The new Australian-engineered Ford Ranger is inching its way to production, and the cars spotted overnight seem to have an electrified drivetrain of some description.
This prototype has a yellow sticker on the front windscreen, which typically indicates it has a hybrid drivetrain.
We know Ford is developing a plug-in hybrid version of the new Ranger.
While we’re able to see a fuel-filler door ahead of the rear wheel arch on the prototype’s left side, we can’t seem to find another door for a charging port.
These latest right-hand drive prototypes with UK plates were spied in southern Europe during hot weather testing, and give us our first look at the car’s production head- and tail-light treatments.
Compared to today’s car, the Ranger will have a blockier and less curvaceous design with design elements taken from the smaller Maverick and larger F-150.
Up front there’s a tall headlamp unit with a vertical stack of LED lights. It looks as though the headlights will be stylistically integrated into a grille that’s several sizes larger.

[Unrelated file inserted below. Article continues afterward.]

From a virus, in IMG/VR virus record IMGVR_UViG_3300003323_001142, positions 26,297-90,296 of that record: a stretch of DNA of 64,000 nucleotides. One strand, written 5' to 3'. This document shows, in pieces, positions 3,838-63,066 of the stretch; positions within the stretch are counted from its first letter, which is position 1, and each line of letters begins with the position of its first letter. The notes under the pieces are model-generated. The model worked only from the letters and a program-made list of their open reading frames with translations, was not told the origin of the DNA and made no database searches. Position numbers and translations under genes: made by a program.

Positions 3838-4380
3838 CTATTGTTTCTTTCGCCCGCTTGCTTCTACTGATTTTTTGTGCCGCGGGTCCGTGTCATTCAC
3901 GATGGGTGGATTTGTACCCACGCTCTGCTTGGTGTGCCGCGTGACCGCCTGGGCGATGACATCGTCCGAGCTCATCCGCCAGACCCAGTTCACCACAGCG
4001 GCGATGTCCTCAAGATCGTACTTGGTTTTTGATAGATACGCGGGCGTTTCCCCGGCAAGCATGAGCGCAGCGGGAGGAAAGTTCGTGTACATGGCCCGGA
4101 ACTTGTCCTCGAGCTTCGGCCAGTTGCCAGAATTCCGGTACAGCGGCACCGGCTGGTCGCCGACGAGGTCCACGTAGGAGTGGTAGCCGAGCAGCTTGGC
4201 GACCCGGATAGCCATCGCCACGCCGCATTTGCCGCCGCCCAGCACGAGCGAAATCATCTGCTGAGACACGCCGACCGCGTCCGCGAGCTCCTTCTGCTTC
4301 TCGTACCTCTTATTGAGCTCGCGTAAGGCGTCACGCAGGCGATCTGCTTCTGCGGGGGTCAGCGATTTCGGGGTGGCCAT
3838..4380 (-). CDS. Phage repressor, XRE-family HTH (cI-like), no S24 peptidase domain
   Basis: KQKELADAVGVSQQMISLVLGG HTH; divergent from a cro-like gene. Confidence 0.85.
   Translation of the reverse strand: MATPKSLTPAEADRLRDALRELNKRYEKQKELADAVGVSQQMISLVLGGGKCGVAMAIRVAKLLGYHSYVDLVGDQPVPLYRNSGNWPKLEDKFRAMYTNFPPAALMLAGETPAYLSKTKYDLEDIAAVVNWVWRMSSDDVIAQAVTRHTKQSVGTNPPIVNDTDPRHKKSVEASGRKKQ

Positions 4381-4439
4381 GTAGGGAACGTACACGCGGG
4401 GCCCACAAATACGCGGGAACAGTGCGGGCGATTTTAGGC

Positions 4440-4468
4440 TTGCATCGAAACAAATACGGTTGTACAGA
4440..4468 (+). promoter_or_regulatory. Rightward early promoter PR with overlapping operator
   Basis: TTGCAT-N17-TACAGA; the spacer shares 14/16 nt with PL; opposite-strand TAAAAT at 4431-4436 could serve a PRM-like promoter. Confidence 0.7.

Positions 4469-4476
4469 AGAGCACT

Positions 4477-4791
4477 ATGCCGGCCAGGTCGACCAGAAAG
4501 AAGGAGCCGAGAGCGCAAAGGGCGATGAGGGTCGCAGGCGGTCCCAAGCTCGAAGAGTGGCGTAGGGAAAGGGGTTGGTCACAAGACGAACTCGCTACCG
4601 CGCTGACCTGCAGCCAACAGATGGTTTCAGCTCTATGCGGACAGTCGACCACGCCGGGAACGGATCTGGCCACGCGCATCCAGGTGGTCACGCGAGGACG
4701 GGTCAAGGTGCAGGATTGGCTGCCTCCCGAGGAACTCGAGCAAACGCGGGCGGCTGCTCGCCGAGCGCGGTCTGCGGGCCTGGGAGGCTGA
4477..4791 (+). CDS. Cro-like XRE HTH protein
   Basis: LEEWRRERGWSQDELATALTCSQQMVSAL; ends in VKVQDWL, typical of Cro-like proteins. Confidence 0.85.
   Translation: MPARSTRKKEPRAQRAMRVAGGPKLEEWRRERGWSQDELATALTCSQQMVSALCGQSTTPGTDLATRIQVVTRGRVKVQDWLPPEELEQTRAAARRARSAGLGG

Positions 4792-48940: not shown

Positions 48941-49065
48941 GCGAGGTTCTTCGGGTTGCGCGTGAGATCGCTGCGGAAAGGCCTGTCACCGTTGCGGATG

At the back the tail-light units have a sharply defined B-shape. Massive Ford blue oval badges will feature at both ends of the car.
CarExpert understands the global Ranger lineup will likely be available with four drivetrain choices.
There will be diesel options: a 2.0-litre four-cylinder twin-turbo and a turbocharged 3.0-litre V6.
As for petrol motors, the Ranger should be available with a four-cylinder plug-in hybrid, and a 2.7-litre turbo V6, which likely power the North American Ranger Raptor.
It’s unclear which drivetrains beyond the turbo-diesels will be available in Australia.
While Australian Rangers will again come from Thailand, European models will be sourced from Ford’s factory in South Africa, and North American Rangers will be made in Michigan.
It’s possible the Ranger plug-in hybrid will be produced exclusively in Pretoria, and V6 petrol variants made only in the States.
Inside the cabin, the Ranger will gain all of Ford’s latest tech, including the Sync 4 infotainment system with either a 15.5- or 12.0-inch touchscreen depending on trim level.
A 12.0-inch instrumentation display will also be available on high-end models.
As part of a wide-ranging EV and commercial vehicle partnership, the upcoming Ranger will serve as the basis of the second-generation Volkswagen Amarok.
If Volkswagen’s teasers of the Amarok is accurate, the German brand’s ute will have significant design changes, including a unique front end and squared-off wheel arches.
The new Ranger will also form the basis of the next-generation Everest three-row SUV.
Design and engineering for the next-generation Ranger and Everest are being led by Ford Australia through its various facilities in Victoria.